I’m breaking new ground here on The Jam, as today marks my first concert review. This past Saturday, I flew back to my native state to see Matchbox Twenty and the Goo Goo Dolls in concert at the Jiffy Lube Live in Bristow, a town near Manassas in Northern Virginia. As rap and electronica have seeped their way into mainstream music, bands like these show that the rock-influenced pop of the late 80s and 90s is still alive and well, if not quite as popular. Lots of people showed up to the show, filling the lawn section of the amphitheater and nearly filling the covered section. It was an interesting range of ages, from a few twentysomethings like me to middle-aged people that probably got into Matchbox and the Goo Goo Dolls from hearing their biggest hits on the radio during their twenties.
The Goo Goo Dolls were first to take the stage, and they started with a bang with “Last Hot Night,” from Magnetic. They had a decent mix between songs from their new album and their biggest hits from yesteryear, as well as a good mix of slower and higher-energy songs. My favorite new song that they played was “Come to Me,” which featured lead singer John Rzeznik on acoustic guitar with little accompaniment. I always like it when bands do that… it makes the show feel more personal and intimate, even when it’s in a massive amphitheater. One song I was hoping to hear and did was the reflective “Here is Gone,” which is an example of Rzeznik’s great songwriting skills. Other highlights included “Slide,” “Broadway,” “Better Days” and “Iris,” which is one of my nominees for the Great American Song.
However, the Dolls are ten years older than Matchbox Twenty, and it showed at some points. It was most noticeable on the songs “January Friend,” and “Another Second Time Around,” when bassist Robby Takac sang. It is apparent that he didn’t receive much vocal training over the years, and largely sings from his throat rather than his diaphragm, which has really sucked the power out of his voice over the years. There were times when he was even unable to make himself heard over the instruments. The effects of age could also be heard a little with Rzeznik. Although his vocal technique is much better, he backed off when a few high notes came around rather than hitting and sustaining the notes, such as the “Round heeeeeeeeerrrrrrrrreeeeeeeee,” on “Broadway.” My guess is that he probably still can hit those notes, but it would cause undue strain on his vocal chords to hit them night after night on tour now. Overall, the Goo Goo Dolls’ set was a little more subdued than Matchbox’s.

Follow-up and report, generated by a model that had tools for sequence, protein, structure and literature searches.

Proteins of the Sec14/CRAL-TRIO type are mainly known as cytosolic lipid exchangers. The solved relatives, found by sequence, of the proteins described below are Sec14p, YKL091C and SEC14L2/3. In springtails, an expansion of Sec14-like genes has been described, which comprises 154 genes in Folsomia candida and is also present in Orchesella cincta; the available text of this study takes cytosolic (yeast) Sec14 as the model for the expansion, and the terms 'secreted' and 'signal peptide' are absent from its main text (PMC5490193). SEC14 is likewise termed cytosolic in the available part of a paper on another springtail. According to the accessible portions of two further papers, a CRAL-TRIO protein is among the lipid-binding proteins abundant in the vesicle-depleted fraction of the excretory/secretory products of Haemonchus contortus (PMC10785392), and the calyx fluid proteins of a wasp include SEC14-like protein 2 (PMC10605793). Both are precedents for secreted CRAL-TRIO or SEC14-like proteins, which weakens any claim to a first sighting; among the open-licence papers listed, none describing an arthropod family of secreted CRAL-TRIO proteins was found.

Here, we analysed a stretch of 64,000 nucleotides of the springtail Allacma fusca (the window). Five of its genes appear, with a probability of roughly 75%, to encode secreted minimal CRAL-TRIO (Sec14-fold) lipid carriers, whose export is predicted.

On the other hand, Matchbox Twenty brought plenty of energy to the stage. Lead singer Rob Thomas was much more of a frontman, talking to the audience and urging them to their feet. Matchbox only played five songs from their new album, instead opting to focus on their biggest hits, such as “3 AM,” “If You’re Gone,” “Unwell,” “Back 2 Good,” and “How Far We’ve Come.” I especially enjoyed their performances of “Bent,” “Disease,” and show closer “Push,” in which they went completely balls-to-the-wall in terms of light effects and performing style. They slowed the set down with new song “I Will” and “Bright Lights,” which featured Thomas on the piano with the rest of the band joining in later, sort of like the Dolls’ aforementioned performance of “Come to Me.” They also played a solid cover of the Rolling Stones’ “Jumpin’ Jack Flash.” Thomas has a long history with Stones’ frontman Mick Jagger, having co-penned “Disease” with him in 2002.
Matchbox’s set also contrasted with the Goo Goo Dolls’ in that the rest of the band deferred to Thomas frequently, and sort of let him drive the concert himself. The Goo Goo Dolls’ set felt like much more of a team effort, with Takac pitching in on singing duties and their touring instrumentalist Korel Tunador being featured on keyboard and sax. I’m not saying one style is better than the other, just noting the differences. Overall, it was a very fun night for my dad and me enjoying two bands that I grew up with.